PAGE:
Genetically Modified Foods are everywhere. Genetically Modified Organisms (GMOs) are infiltrating our foods. It’s happening without us even knowing about it. GMOs are plants or animals that have been genetically engineered with DNA from bacteria, viruses or other plants and animals. These experimental combinations of genes from different species cannot occur in nature or in traditional crossbreeding.
Are GMOs safe?
Most developed nations do not consider GMOs safe. Scientists and food safety advocates have suggested that genetically engineered foods might harm the immune system, lead to dangerous antibiotic resistance or result in new and untreatable allergies. For example in 1996, scientists inserted a Brazil nut gene into a soybean to make the bean more nutritious. The result was a soybean that triggered nut allergies in people. Unfortunately, as consumers, we are eating these modified foods without knowing it. There have been a limited number of safety tests conducted.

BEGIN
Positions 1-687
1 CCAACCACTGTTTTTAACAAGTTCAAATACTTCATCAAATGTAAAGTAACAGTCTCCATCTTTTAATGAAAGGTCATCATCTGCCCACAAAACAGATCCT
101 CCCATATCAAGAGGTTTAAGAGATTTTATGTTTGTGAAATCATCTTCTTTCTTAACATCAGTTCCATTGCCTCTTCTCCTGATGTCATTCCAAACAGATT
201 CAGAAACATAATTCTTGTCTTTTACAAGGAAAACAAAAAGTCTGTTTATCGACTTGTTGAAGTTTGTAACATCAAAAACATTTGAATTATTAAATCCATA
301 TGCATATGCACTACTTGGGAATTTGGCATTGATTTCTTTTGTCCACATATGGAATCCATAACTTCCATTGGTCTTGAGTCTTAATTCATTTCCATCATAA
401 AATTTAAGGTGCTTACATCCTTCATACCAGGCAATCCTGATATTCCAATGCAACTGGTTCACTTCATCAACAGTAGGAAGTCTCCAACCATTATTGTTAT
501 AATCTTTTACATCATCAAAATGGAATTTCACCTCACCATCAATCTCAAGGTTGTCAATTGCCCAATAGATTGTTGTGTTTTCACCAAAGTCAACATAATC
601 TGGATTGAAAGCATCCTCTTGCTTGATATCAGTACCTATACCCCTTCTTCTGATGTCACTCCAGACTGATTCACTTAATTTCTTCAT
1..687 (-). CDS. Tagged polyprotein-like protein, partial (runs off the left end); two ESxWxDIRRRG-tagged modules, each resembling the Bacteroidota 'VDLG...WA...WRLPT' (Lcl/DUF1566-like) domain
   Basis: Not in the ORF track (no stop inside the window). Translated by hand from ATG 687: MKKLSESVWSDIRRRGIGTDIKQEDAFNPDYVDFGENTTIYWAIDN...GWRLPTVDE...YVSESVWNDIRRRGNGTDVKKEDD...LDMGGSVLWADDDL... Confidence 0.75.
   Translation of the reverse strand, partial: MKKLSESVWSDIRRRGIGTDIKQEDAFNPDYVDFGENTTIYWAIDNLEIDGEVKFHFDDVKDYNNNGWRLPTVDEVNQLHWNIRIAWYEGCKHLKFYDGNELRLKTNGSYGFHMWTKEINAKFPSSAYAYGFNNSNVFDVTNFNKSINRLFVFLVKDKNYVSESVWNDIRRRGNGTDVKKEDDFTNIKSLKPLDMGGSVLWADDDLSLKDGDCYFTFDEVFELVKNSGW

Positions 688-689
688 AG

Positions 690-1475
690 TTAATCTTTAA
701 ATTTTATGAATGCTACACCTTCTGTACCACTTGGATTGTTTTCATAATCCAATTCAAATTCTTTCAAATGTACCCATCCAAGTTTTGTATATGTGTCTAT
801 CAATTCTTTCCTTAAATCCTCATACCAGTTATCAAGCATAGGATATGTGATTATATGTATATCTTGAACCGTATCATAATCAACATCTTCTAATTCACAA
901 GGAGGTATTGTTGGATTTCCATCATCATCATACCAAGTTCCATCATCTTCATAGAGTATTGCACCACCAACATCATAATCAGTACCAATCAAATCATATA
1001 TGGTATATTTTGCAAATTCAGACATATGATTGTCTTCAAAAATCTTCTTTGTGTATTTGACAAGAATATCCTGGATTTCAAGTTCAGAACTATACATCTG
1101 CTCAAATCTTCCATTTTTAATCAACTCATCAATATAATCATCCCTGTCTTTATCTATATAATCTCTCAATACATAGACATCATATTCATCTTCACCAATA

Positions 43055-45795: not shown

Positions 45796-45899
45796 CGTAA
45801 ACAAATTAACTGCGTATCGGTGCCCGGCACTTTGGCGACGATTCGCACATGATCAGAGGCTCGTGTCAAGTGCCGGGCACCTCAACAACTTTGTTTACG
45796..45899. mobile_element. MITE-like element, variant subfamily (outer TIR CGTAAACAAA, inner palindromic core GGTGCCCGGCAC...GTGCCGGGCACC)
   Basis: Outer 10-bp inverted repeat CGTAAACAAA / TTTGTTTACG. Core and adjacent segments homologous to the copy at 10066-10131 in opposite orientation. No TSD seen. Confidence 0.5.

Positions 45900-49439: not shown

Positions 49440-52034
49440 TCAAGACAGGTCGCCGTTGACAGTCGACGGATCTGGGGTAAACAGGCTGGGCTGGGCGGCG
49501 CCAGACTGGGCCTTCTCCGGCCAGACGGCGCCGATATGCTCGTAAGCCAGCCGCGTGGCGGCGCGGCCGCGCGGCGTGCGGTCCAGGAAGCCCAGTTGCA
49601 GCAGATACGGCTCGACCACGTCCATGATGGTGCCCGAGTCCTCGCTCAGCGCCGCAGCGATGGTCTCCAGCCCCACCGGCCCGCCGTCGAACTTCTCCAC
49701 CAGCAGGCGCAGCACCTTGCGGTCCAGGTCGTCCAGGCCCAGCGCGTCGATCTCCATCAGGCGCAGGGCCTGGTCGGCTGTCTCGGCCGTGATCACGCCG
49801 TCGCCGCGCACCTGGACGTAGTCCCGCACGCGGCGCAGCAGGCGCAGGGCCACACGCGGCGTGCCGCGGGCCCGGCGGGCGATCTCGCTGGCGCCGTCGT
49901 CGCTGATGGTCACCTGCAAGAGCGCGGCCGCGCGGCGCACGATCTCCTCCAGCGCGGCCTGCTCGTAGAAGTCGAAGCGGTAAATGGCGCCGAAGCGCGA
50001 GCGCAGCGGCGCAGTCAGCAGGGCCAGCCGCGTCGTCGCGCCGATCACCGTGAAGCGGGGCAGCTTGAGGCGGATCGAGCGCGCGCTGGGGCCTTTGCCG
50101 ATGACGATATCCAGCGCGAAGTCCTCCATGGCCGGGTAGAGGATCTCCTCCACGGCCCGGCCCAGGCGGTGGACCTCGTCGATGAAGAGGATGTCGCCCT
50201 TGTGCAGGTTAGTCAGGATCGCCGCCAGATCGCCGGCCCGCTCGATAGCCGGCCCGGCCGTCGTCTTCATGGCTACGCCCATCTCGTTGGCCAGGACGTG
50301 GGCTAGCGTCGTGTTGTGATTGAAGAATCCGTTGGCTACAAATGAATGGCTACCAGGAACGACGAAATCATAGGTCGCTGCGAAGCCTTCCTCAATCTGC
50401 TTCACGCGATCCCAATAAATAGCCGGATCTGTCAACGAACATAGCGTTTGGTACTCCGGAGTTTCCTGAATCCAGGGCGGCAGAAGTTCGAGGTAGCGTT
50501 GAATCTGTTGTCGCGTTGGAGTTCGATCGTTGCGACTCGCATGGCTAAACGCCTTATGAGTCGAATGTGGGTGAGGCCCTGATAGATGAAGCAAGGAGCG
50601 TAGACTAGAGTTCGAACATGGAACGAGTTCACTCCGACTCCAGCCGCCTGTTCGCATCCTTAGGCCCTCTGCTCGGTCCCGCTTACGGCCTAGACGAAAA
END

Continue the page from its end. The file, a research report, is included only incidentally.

Genetically engineered plants are also turning up where they aren’t wanted. In 2006, the USDA announced that an unapproved variety of genetically engineered long-grain rice had contaminated non-engineered rice fields in 5 states.
What Foods are Most Likely to Contain GMOs?
High-Risk Crops (as of December 2011):
- Alfalfa (first planting 2011)
- Canola (approx. 90% of U.S. crop)
- Corn (approx. 88% of U.S. crop in 2011)
- Cotton (approx. 90% of U.S. crop in 2011)
- Papaya (most of Hawaiian crop; approximately 988 acres)
- Soy (approx. 94% of U.S. crop in 2011)
- Sugar Beets (approx. 95% of U.S. crop in 2010)
- Zucchini and Yellow Summer Squash (approx. 25,000 acres)
What Can You Do?
- Start looking for labels that say “No GMOs” or your best option is buy organic, which by law can not be genetically modified.
- Avoid non-organic corn and soy products , since they will most likely contain GMOs.
For more information on how you can avoid GMO’s, check out the “Non-GMO Project” at http://www.nongmoproject.org/.